Here you can find a collection of (hopefully) usefull informations about Fine Art Photography, and collecting photographs. The texts were first published on <The Constant Photographer> blog of Chris Dematté.
|• UNDERSTANDING THE MARKET||• FROM DAGUERROTYPE TO GICLÉE||• A/P, B.A.T., 3/25 - WHAT'S IN A SIGNATUR|
|• MORE MONEY THAN SENSE?||• BUY WHAT YOU LOVE...||• WHAT TO LOOK FOR...|
|• TAKING CARE||• YES, IT IS ART.||• FROM SILVER TO SILICON|
|• HOW PHOTOGRAPHY LEARNED
|• MY (VIRTUAL) COLLECTION||• SO MANY BOOKS, SO LITTLE TIME|
|• A POTATO AS A PROXY FOR THE ONTOLOGICAL STUDY OF THE HUMAN EXPERIENCE||• COLLECTING ICONS|
|BUY WHAT YOU LOVE...|
|Photo Festivals like Les Recontres d'Arles with their exhibitions and portfolio reviews ( (seen here) are a good opportunity to get a perspective on what's
going on in the Univers of Art Photography.
Collecting photographs is much about personal taste. If you see collecting photographs only as an investment possibility then maybe I am not the right person to give you advices. I know up to nothing about investments. And personally I don‘t like most of the „most expansive photographs“, don‘t see any artistic values in them. But thats my personal opinion, is reflecting my personal taste. If you want to make investments to increase your money I can give you only a short view on the market and keep in mind: While many photographs can be fine investments, an increase in value is never guaranteed.
"To collect photographs is to collect the world."
Whether you’re buying for profit, pleasure, or both - there is no right or wrong way to collect. There are only some things you have to keep in mind to avoid spending money more than necessary.
Whatever your approach to collecting, the crucial thing is to enjoy it. “Buy what you love. Buy what speaks to you,” says Laura Noble, gallerist and author of the „Art of Collecting Photography“. “It’s a reflection of who you are.”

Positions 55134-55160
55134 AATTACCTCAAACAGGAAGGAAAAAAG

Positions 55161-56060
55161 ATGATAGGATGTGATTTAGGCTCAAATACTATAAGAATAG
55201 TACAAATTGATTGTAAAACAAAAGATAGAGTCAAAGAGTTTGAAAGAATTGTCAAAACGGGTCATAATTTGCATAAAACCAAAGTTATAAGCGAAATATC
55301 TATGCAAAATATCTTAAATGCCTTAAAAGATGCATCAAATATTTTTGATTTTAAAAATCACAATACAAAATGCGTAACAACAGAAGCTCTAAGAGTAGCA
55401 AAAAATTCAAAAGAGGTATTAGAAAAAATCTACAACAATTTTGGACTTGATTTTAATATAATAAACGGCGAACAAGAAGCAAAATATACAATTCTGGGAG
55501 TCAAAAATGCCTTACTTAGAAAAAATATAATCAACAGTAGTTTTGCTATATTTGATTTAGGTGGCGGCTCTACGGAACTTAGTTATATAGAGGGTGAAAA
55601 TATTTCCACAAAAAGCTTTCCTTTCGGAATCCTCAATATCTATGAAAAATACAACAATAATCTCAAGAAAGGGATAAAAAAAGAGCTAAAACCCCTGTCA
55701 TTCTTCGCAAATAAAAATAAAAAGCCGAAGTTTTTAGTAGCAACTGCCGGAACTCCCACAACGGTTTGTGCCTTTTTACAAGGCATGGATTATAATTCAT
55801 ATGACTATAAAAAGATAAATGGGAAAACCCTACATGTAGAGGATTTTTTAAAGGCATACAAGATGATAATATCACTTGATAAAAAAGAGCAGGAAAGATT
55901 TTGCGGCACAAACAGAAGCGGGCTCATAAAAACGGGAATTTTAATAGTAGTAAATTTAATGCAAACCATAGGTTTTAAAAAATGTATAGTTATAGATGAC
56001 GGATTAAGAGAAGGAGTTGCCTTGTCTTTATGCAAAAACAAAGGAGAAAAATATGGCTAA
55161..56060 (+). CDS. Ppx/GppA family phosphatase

So make the first step. Decide what you want to collect. You can collect by genre (e.g. travel photographs from the 19th century) or on artist you like. You can collect prints done with a special technique (like platinum prints). You can collect prints made in a certain timeframe (e.g. the 1950s). It‘s only about you. Go out and find what you like. It is waiting there to be discovered.
Some considerations to take into account...
Whatever you decided to collect, there are a number of criteria to follow (which are often the same ones for establishing the value appraisals).
There are many different circumstantialities one has to take into consideration to find the right value for a certain print. I want to show you this fact on one striking example:
Edward Henry Weston was a 20th-century American photographer He has been called "one of the most innovative and influential American photographers…" and "one of the masters of 20th century photography." One of his most famous series is the „Shells“ portfolio. But prints from this portfolio are in a range from about $ 15.000 up to more than $1 million (for the same image!). Why?
Well, it very much depends on the kind of the print. Weston‘s photographs come in four varieties: vintage prints, signed by himself and prints late by himself (e.g. in the 1930s from his 1920s negatives or in the 1940s from his 1930s negatives). Then there are so called „project prints“ made under his supervision by his son Brett in the 1950s (when Edward developed Parkinson‘s disease). And there are posthumous prints by his other son Cole...
Left: April 2012 Christie‘s
Middle: April 2014, Sotheby‘s
Right: April 2010, Sotheby‘s